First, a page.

If you need a forecast about the future of work, Millennials -- possibly the most studied, surveyed, and psychoanalyzed generation ever -- outline a clean trajectory.
As you might expect, they love freelancing. But a new study says that a whopping 94% are interested in using their skills to benefit a cause, while 57% wish that there were more company-wide service days.
When you look at these two stats together, a bigger picture arises. Millennials aren't just thinking outside the 9-5, they're changing the very definition of the word "work."
This signals a new relationship between worker and economy; it's not just where we're working, or even how we're working. It's what we're working for.
Millennials don't see companies as salary machines. And they don't see themselves as just another chair-filler.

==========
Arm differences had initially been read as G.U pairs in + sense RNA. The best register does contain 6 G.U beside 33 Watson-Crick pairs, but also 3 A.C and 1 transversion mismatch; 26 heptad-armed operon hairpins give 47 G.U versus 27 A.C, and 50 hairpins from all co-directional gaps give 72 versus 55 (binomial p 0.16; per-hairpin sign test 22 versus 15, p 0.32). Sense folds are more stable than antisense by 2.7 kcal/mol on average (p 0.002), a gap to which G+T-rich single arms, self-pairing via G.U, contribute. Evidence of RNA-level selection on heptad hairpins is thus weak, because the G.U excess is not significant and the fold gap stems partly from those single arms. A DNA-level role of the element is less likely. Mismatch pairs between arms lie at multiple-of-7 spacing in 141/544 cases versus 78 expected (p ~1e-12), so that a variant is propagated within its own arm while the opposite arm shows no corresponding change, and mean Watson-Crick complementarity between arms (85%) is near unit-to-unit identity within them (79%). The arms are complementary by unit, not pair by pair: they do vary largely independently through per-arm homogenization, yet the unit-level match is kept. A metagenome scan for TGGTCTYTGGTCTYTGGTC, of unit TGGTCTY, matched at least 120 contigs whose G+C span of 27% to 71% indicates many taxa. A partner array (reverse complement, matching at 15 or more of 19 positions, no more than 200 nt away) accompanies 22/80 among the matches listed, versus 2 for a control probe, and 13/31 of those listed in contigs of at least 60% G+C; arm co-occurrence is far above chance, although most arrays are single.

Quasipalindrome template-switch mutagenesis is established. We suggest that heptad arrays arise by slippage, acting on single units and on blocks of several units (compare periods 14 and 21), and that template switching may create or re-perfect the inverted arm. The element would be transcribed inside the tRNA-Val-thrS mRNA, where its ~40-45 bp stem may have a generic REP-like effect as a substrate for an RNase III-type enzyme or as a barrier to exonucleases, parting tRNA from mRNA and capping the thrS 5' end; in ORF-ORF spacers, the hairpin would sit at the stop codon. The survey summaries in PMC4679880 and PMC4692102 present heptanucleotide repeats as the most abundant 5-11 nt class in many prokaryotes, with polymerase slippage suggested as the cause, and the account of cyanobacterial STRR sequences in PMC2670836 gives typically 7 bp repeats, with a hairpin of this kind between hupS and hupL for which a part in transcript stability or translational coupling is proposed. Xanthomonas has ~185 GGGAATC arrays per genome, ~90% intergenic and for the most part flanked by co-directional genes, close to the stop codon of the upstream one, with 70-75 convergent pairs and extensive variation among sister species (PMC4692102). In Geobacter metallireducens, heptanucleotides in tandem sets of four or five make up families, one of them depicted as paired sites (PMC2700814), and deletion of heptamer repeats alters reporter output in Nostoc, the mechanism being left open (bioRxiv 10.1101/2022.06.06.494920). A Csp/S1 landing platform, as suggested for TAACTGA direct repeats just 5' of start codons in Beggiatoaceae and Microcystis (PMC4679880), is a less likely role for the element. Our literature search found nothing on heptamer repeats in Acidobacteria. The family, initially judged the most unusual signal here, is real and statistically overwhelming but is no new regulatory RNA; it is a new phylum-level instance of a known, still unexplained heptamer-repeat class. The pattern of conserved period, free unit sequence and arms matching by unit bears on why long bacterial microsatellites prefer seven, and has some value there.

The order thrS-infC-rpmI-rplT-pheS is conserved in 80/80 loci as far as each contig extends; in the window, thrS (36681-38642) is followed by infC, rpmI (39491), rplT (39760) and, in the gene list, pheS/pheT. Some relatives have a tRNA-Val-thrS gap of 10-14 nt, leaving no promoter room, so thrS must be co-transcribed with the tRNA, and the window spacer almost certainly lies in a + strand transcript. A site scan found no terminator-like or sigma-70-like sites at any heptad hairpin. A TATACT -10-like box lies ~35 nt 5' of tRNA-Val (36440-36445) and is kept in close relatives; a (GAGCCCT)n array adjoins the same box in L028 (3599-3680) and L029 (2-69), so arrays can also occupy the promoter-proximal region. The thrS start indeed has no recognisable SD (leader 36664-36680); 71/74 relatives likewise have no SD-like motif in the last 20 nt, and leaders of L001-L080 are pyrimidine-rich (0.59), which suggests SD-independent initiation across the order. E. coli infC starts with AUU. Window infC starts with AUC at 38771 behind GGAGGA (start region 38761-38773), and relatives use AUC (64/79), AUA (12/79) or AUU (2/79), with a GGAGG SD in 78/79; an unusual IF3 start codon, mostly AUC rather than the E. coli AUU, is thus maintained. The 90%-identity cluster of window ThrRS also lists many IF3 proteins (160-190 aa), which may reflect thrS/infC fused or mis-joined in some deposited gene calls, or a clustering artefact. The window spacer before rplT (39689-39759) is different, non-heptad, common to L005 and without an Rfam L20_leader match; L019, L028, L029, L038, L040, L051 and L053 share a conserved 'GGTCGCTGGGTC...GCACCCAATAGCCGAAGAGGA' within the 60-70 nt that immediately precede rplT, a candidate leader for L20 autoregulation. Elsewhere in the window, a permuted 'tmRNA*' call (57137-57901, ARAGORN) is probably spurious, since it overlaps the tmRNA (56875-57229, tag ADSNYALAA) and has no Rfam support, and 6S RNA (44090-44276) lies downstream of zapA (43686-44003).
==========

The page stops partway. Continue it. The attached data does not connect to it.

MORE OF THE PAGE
They see themselves as having the power to make choices -- and their decision to work in one place or another is about finding value, not just the posh apartment on the East side. They see themselves as independent actors, even when they're employed.
But it's not just independence they expect and seek, but Meaningful Independence. They want to have the ability to pursue their passions and use their skills to help their local communities, secure in the knowledge that they're connected to people, groups, and institutions that have their back.
Want proof? Just look at all of the cooperative businesses, food co-ops, credit unions, and freelance-owned businesses that populate our Quiet Revolution map.
It's more than just Millennials -- Americans want the future of work to be independent. They value time over money -- for their families, friends, communities, and creative passions.
This isn't just a case of a new generation having new priorities, and it's something deeper than simple charity -- it signals a fundamental shift in the way our economy functions.